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Hochul reveals gun NY law proposals, limits on where guns can be carried

A special session of the legislature will be held in Albany on Thursday.

ALBANY, N.Y. — Lawmakers will be back in Albany on Thursday for a special session to address gun control legislation.

It is in response to the U.S. Supreme Court decision last week striking down New York's limits on concealed carry permits.

"The Supreme Court decision was a set back for us, but I would call it a temporary set back," New York Gov. Kathy Hochul said.

Hochul has revealed her priorities concerning New York's gun legislation that will be debated during Thursday's special session.

"Guns in a household with 18-year-olds or younger will have to now be locked up," Hochul said.

The governor is also proposing requiring guns be locked up when traveling, at least 15 hours of in-person fire range training, and banning people from getting a concealed carry permit if they have a history of dangerous behavior.

You would also need a background check to buy ammunition for guns that need a permit.

The state would have so-called sensitive locations where you would not be allowed to carry a concealed weapon. Hochul says that would include government buildings, health care facilities, places where children gather, and public transportation.

She says the plan is to require private businesses to put up a sign saying "concealed carry weapons welcomed here"; otherwise, the presumption would be that they are not.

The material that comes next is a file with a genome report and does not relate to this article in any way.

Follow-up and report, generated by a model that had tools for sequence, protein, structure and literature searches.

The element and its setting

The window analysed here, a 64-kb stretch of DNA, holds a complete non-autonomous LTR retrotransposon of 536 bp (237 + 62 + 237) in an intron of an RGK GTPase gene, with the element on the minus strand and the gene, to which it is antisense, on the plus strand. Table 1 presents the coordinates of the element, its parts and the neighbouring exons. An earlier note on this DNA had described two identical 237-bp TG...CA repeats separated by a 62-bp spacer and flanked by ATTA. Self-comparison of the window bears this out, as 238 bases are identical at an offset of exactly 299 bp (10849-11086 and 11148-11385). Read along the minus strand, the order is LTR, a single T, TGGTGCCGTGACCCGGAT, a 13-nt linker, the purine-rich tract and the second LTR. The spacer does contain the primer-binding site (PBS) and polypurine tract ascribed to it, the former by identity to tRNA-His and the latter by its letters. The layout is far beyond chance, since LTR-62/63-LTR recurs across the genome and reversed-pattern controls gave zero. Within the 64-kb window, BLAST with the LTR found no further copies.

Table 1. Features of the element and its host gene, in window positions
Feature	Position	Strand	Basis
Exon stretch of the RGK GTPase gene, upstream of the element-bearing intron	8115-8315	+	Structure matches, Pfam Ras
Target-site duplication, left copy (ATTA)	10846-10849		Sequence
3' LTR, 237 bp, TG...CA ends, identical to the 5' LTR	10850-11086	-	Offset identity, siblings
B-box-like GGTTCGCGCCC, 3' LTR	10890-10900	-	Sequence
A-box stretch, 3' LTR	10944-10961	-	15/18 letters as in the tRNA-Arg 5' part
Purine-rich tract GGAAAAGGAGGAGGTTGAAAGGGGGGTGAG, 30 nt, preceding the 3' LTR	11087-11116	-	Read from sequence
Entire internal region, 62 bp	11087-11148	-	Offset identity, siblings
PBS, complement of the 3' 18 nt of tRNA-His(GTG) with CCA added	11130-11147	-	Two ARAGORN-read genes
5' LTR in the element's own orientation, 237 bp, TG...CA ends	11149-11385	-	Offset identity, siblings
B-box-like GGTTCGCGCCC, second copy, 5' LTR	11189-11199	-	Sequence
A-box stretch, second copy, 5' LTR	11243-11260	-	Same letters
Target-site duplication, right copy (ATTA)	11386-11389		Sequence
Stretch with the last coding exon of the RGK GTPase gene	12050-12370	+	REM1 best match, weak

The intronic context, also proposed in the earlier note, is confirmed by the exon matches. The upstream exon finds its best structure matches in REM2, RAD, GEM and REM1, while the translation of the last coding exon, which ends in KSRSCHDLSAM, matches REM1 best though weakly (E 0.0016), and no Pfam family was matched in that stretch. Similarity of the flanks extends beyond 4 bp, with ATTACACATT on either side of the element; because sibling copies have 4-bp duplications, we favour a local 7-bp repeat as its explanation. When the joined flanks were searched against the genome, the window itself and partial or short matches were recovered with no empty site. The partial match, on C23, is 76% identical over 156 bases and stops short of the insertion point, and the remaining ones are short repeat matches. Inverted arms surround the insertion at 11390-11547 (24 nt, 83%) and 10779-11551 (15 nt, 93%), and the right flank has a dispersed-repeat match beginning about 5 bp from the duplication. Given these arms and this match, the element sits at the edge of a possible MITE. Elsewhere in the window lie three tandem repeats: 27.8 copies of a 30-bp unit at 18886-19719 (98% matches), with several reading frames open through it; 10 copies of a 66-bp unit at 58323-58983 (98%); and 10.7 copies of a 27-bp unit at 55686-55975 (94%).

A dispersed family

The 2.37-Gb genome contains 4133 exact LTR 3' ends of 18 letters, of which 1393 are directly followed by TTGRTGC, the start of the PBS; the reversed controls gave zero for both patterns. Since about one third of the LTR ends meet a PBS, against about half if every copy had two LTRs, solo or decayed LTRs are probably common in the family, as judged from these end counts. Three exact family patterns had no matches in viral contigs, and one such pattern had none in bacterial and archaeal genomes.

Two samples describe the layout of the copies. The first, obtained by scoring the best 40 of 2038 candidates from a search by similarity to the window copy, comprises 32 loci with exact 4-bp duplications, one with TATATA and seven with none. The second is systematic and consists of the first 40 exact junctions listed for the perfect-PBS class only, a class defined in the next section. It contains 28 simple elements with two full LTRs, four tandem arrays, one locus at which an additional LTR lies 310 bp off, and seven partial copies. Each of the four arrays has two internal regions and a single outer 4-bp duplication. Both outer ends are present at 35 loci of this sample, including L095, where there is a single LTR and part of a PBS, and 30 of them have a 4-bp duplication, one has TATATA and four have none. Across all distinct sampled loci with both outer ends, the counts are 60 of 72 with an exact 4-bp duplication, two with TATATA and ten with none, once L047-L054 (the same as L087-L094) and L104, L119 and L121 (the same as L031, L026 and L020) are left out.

"Allow them to not have to be subjected to someone walking into their workplace or a bar, restaurant, with a concealed weapon, and therefore, we're going to take that very strong step what we believe is sustainable, and that's what the law is going to be once we get this through tomorrow," Hochul said.

Attorney and legal analyst Barry Covert added: "She has included businesses, private businesses, unless they expressly authorize you to have that weapon. I haven't seen that in the past, but I think there's going to be a problem with that, that you have to ask every business, unless they have a sign up on the door, you have to ask them whether I have permission to come in because I have a pistol on me," said 

Covert says he would expect that part of the legislation to be challenged. 

"But with the remaining, what the other, with the sensitive uses, and the requirements for background checks, mental health background, your getting trained to use the pistol permit, she's simply accepting Justice Kavanaugh's invitation," Covert said.

Again, these are just the main points. The governor says details are still being worked out, and we haven't seen the text of the legislation yet.

Hochul says she hopes to sign this all into law on Thursday, but she said it might not happen until Friday.

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